Were your parents proud that you were the star?
That's complicated. Yes. Everybody was proud, but I didn't come from an environment where theater was something that anybody understood. You sang in church. You sang for the Lord. And that was it. That summer following, I happened to catch the Tony Awards on television and I hadn't made the connection that I could make a living doing it. Even having seen The Wiz, I didn't make that connection. I didn't even know what the Tony Awards were, but it was the year that Dream Girls was up for Best Musical. All of a sudden, there the fight scene was with Jennifer Holliday and Loretta Devine. It ended with "And I'm Telling You I'm Not Going." I was in shock because here were, first of all, all of these beautiful black people in high fashion, and gowns, and hair, and makeup. All we really had was Roots and Good Times at the time. You know, we had The Jeffersons, but you didn't see a lot of people of color on television dripping in style and fashion. You just didn't see a lot of that. And so, that caught my attention and then Jennifer Holliday sang "And I'm Telling You I'm Not Going." She sang like I knew how sing. She sang like the people sang at church. She sang like me and she was on television. The connection of money and television really sort of launched me into this space where "Oh I'm going to do that. That's what I'm going to do." So that was a really significant moment for me.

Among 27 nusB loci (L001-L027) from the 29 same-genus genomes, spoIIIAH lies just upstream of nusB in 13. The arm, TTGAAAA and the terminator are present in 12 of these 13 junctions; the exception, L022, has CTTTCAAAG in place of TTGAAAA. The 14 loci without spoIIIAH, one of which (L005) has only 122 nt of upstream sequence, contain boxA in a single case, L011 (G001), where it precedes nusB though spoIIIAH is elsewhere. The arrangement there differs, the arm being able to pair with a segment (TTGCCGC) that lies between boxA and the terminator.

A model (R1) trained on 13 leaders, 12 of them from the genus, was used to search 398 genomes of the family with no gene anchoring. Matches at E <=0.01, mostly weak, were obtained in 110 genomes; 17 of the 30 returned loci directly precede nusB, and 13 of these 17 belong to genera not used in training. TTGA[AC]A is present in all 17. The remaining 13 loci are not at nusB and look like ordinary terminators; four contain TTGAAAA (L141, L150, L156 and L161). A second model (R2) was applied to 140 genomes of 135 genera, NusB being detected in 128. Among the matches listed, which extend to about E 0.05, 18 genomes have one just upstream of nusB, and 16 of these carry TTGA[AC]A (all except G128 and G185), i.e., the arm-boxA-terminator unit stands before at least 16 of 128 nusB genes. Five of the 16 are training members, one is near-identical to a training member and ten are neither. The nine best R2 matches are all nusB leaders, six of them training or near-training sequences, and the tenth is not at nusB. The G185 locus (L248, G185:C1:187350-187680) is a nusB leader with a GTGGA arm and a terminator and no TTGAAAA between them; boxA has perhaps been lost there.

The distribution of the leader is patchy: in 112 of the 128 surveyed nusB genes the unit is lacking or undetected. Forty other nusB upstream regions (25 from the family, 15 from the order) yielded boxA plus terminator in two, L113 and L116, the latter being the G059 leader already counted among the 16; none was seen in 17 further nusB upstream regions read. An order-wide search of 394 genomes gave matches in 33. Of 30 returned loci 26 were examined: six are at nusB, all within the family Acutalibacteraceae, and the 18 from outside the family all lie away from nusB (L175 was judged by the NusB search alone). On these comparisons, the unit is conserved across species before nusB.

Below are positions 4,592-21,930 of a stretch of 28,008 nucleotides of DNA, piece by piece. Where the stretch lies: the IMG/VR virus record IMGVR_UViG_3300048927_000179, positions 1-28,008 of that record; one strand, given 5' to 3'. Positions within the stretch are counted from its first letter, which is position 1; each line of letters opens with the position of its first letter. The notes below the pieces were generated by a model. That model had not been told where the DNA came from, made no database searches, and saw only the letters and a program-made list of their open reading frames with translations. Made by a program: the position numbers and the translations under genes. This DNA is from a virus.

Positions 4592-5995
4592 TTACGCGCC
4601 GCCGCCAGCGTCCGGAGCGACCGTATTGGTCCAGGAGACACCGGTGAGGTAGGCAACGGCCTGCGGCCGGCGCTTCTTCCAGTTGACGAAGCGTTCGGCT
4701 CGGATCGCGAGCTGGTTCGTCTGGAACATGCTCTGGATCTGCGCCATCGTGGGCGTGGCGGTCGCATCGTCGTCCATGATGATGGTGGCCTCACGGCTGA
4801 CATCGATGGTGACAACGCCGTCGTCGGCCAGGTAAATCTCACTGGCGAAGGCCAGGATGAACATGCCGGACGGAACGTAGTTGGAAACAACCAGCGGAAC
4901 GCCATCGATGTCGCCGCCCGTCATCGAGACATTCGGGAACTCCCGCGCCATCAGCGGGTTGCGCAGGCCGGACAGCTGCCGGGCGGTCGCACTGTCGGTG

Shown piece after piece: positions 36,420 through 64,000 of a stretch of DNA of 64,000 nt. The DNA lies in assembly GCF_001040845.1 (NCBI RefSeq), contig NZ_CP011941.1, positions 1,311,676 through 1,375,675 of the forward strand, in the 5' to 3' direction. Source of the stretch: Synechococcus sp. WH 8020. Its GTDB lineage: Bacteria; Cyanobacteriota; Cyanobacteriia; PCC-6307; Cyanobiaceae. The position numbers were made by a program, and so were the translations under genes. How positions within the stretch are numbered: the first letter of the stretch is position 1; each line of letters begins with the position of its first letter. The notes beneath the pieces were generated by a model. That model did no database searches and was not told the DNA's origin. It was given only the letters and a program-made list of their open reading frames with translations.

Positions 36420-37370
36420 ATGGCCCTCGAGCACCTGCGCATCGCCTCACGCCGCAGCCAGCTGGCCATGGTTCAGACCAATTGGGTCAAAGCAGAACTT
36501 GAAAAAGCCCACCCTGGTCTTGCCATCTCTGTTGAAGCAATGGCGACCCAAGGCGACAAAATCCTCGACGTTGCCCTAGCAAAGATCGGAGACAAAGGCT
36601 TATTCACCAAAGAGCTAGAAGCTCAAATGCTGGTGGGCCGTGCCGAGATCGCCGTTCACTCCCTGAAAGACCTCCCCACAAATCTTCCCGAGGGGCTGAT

And now you've probably done that for other people.
I hope so. You know, it's very important to pay it forward and I really am an artist who believes in art as activism, art as inspiration. We as artists have the capacity to reach into the real heart of people and change the molecular structure of their insides and change hearts and minds. My life was saved by the arts, so I hope to continue to do that for others.
Tell me about your character on Pose.
I play a character named Pray Tell and he is the emcee of the balls. Pose is about the LGBTQ ball culture in New York, where Vogueing came from, where a lot of the lingo that we now attribute to RuPaul's Drag Race or lots of cultural constructs that we sort of just live inside of now came out of this culture. This show gets to sort of reclaim our place in the world. Five transgender actresses of color lead our cast and it's the largest LGBTQ cast in history. I'm very proud to be a part of telling this story that is about a marginalized group of people that don't get a lot of shine. Don't get talked about very often.
How did this role come into your life?